View Full Version : LVT Digital -> Negative Services: Variability? Or all the same?

4-Sep-2017, 18:44
I am thinking about making a few negatives from digital images and scanned LF negatives that I either edited heavily or had poor exposure/development but was saved through post processing the scan.

I know of a few labs offering this service using the Rhino LVT system. My question is: is there variability between service providers with the LVT system? Since it uses lasers and I assume some sort of standardized film system, it seems like everyone should provide pretty much the same product. Perhaps there is potential issues that I am not aware of though? Maybe poor focus or calibration? Or is it a one-button operation?

The reason I ask is I have seen prices varying from $35 per 4x5 negative burn up to $195 each! This is an incredible range. If it's all the same I'd much rather get every negative I am thinking about doing at one shop, compared to exactly one negative at the other.

And speaking of which - has anyone done this and been happy with the prints they subsequently made? I haven't read much online about people using this type of service. A lot of speculation and some saying to just send it out to a lab that prints via Lightjet - which is fair, but I want to both preserve the "handmade" appeal of my prints, and also a negative can be printed as many times as you like, whereas a print is just a one-off thing. The LVT info I have read specifies a resolution of about 2000 PPI, enough for a ~7x enlargement off of a 4x5 negative - more than I can do in my darkroom. Seems great if true.

bob carnie
5-Sep-2017, 06:34
All of Salgado's silver prints of late are done this way.

Steve Sherman
5-Sep-2017, 08:01
A fellow came to me for a Pyro and Split Printing workshop from Paris. He had an LVT neg with him from the same shop that Salgado uses. Told me it was ordinary FP 4 film chemically processed. The neg printed very nicely with my wet Process setup. No idea what the cost is from Salgado's shop.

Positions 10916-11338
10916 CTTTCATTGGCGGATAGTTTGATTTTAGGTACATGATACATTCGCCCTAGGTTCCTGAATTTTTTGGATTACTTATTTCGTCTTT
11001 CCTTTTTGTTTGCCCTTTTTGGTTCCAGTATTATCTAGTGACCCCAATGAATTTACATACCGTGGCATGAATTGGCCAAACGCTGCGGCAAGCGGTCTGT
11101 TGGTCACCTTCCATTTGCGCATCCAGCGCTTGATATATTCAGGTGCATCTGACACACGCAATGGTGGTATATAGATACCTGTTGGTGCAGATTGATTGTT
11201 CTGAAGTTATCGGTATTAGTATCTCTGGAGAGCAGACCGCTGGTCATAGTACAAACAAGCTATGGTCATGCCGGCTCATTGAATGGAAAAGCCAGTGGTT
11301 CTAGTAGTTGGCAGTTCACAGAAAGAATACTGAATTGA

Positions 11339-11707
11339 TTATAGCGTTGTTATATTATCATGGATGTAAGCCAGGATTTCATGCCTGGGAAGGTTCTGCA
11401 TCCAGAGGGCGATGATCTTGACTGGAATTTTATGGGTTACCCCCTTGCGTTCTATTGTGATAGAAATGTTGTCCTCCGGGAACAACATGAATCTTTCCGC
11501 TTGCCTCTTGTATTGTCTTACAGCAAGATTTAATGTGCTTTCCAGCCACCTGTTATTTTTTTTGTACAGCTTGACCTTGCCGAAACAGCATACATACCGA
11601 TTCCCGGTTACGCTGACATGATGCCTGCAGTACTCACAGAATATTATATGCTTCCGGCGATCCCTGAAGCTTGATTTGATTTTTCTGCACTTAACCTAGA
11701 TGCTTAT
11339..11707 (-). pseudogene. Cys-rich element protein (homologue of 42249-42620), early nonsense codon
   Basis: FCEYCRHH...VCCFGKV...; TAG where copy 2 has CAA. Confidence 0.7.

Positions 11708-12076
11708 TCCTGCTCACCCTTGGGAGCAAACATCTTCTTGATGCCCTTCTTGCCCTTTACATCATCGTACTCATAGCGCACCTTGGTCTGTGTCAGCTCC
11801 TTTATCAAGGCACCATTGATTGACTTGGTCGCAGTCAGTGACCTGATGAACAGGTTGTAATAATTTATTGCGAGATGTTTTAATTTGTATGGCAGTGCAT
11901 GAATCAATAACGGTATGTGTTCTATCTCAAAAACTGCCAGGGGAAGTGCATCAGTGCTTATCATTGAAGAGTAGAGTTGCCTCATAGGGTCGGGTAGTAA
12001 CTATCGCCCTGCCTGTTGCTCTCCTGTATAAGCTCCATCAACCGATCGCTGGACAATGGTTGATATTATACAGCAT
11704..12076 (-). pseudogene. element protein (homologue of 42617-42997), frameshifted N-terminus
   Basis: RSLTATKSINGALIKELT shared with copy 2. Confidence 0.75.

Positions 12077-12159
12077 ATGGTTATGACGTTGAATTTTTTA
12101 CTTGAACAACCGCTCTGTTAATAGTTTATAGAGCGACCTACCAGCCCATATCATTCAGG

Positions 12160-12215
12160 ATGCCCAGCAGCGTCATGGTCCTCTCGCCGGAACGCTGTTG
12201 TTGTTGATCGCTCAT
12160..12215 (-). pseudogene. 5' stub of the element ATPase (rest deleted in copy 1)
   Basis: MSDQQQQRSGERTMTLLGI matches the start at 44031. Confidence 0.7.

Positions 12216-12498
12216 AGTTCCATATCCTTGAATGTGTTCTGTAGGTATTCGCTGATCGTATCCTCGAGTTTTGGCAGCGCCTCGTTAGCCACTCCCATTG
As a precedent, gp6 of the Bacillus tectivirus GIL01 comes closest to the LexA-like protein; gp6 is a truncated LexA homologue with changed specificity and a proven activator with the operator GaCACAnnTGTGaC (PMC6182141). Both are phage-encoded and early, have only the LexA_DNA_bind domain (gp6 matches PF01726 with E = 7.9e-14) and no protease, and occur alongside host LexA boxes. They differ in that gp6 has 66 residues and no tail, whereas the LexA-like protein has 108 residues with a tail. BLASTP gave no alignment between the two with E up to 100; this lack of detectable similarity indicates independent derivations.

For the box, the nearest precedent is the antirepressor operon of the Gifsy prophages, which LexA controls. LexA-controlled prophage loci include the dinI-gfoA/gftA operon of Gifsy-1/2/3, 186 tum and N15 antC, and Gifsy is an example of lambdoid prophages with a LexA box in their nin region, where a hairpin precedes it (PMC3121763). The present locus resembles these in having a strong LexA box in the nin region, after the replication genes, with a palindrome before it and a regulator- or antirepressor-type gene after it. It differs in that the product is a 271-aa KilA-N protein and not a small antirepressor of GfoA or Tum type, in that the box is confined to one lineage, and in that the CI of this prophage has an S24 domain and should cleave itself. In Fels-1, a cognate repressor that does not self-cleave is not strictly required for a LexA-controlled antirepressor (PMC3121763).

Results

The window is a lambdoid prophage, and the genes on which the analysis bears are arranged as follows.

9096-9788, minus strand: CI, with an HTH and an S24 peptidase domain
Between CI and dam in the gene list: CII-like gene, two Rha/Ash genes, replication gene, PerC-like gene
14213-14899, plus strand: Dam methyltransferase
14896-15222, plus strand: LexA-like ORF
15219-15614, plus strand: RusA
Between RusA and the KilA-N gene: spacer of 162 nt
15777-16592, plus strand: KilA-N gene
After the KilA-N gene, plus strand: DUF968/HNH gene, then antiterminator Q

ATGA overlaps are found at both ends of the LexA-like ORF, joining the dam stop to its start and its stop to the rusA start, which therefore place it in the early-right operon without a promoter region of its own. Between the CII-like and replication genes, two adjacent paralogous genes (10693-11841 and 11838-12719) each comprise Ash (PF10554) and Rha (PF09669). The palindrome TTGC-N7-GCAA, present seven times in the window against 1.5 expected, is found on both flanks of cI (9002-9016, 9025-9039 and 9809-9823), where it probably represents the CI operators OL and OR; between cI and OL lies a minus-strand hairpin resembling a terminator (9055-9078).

5-Sep-2017, 13:54
Cool, well I just got off the phone with the "cheap" lab and they seem very competent and willing to work with the photographer to ensure they get the best negative burn possible.

I am going to send them a couple to test out the process and see how the prints look. Will post my opinions later. The only downside is a long wait time for the service (the old adage of "cheap, fast, quality - pick two" applies here I think) so it'll be another month or two before I can really get them burned and then printed.

5-Sep-2017, 15:14
I don't know how it compares with a digital negative from inkjet/pictorico. You'd have to compare. Most of the people that use inkjet/pictorico negatives print on rough handcoated paper.

One of the upsides of a LVT digital negative is that it's on real film with silver which we know can last and archive very well. It's a sure way to have a physical negative if you didn't start with a physical negative.

5-Sep-2017, 16:24
If I had an inkjet printer (er, one that works anyway) I would totally try pictorico or similar. I've experimented with it some doing alt processes at my old uni but not much, and not with really well-calibrated profiles or anything.

I'd offer to do a "comparison" if someone wanted to make me a pictorico negative but I doubt my darkroom skill/process is refined or exacting enough for those interested or invested in such an endeavor, nor do I have the space to make really large prints where differences might be especially apparent. I do remember from my time printing on Epson machines that they claim 2880 DPI print resolution. I have no idea how that would equate or compare to on-film resolution from the LVT at 2032 DPI. I have my doubts inkjet could print to that resolution adequately.

Steve Sherman
5-Sep-2017, 16:56
My impression, the "dot" no matter what resolution does not provide the "sense" of film.

2 cents.